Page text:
We typically make our own stocks and broths in my house. Whenever we have bones, we either cook them down into stocks or broths right away, or we freeze them for later use. Stocks and broths are the base for many home-cooked meals. Of course it’s pretty easy to just go get a tetra pack of stocks, or a can of broth from your local grocery store. Sometimes we still end up doing that too!
However, I think the homemade stuff is more delicious and nutritious. It’s pretty easy to make too. But first, let’s have a quick chat about the difference between a stock and a broth.
A stock is made from bones, and maybe a few aromatics. Typically it is made from animals and is divided into two categories: White stock and brown stock. White stocks are made from raw bones and it has almost no colour. If you are butchering an animal at home, or even just taking the bone out of your bone-in chicken or something, save those bones and use them to make white broth. The second category, brown broth is made from bones roasted with tomato paste. You can use the different stocks to change a recipe slightly, giving it a different tone or taste, but typically you use the white stock in things like cream soups, light sauces, etc and you use the brown stock for heartier recipes such as dark soups and stews or gravies. It is the brown stock that is most often used to make sipping broths.
You can also make a vegetable stock, its maybe the most common stock used in our home because we just save all our veggie scraps in the freezer, and when it starts to take over, we take it out and make veg stock (which ironically, we often then return to the freezer!). Vegetable stocks are very light and fragrant. How they taste depends on what you put into them. One way to turn veg stock into a brown stock is to add oingon brûlé, which is just a fancy way of saying “burnt onion”. Basically, you (ideally) grill or heat the onion (in a cast iron pan) until it is burned. You just cut it in half, put it on the dry pan or grill, cut side down, and cook until it’s blackened. You add it to the veg stock post-boil (when you put in your bouquet garni–more about that later) and simmer it down with the rest of the stock.
There is one essential rule for stocks: you never, EVER salt a stock. When you use your stock to make a soup or sauce, or want to serve it up as a broth, then and only then, do you salt (and/or pepper) it.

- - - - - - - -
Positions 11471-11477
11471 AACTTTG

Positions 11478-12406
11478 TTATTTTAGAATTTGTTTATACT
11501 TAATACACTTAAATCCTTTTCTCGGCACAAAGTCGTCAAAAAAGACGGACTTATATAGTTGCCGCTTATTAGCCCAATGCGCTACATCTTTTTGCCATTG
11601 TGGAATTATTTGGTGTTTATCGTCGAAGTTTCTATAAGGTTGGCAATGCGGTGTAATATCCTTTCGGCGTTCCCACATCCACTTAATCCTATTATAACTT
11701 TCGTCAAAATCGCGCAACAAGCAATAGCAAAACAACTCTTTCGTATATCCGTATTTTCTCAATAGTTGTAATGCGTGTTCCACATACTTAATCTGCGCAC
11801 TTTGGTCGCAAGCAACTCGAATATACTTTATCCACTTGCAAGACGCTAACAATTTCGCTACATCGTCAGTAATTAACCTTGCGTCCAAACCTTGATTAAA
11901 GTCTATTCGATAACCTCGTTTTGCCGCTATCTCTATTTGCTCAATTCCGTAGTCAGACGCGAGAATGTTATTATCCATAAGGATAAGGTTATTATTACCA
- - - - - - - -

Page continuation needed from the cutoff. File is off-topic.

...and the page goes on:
No matter what kind of stock you are making, here are some rules for getting the perfect stock:
- For crystal clear stock:
- trim all the bones of excess fat and meat
- cover them with cold water
- after the initial boil of the bones, keep the stock at a slow simmer and skim (not stir) it regularly with a slotted spoon.
- Do not cover it!
- Ratio of bones to water for stock is about 50% bones by weight.
- Strain your stock through some cheesecloth, it will help keep it clear
- Cool the stock quickly. Best way to do this is to pour the hot liquid into a clean metal container and immerse it in an ice bath. Then move it right into the fridge.
Oh delicious, warming, nutritious broth. Broth is a stock that has been seasoned with salt, spices and maybe some other stuff (like meat!) and is drinkable all on its own. In fact, in many parts of the world broth and bread used to be the most common meal eaten from kings to serfs. It’s still the case in many places today. You can either turn a stock into a broth, or you can make the broth directly, but some of the steps will still be the same as the stock.
OK, so now you know about stocks and broths. There are so many delicious recipes online, and using what you learned here you can figure out how to perfect your own method. We hardly make our stocks and broths the same way twice, because we just use whatever is on hand at the time. As mentioned before, any veg scraps in our kitchen go into a ziplock bag in the freezer. It’s economical and less wasteful as every part of the veggie ends up being used. You can really throw anything at all in there, onion skins, carrot peels, carrot heads, whatever you peel or chop off and don’t use, throw it in a ziplock and put it in the freezer to use for stock or broth. The source of our bones will change too. We actually don’t often have raw bones in the house. The most common source of bones around here is the carcass of a rotisserie chicken! It makes amazing broth, because it is already deliciously seasoned. Often when pressed for time, we just toss them as-is into the pot, but if we have the time, we brush the bones with tomato paste and roast them for about 15 minutes in the oven before putting them into the pot.
The Bouquet Garni
The bouquet garni is basically your seasoning, think of them as teabags for your broths. You take your seasoning herbs and wrap them in cheesecloth squares and tie them with a string (you could also use a teaball). Then you toss them to the pot while it’s simmering. You just fish it out when the broth has finished, before you strain it. Incidently, bouquet garnis also make fun hostess gifts, throw some in a jar and tie it up with a pretty ribbon, present it along with hand written instructions for your favourite broth recipe!
Some stock recipes:
- How To Make the Best Soup Stock
- Make a Quick, Flavorful Vegetable Stock in Just 10 Minutes
- How to Make Chicken Stock
- What’s in the Couldron?
- How To Make Beef Stock
There are so many good broth recipes online. Have a look around and you’ll quickly find a favourite, or maybe with all the tips here, you’ll end up with your own home brand!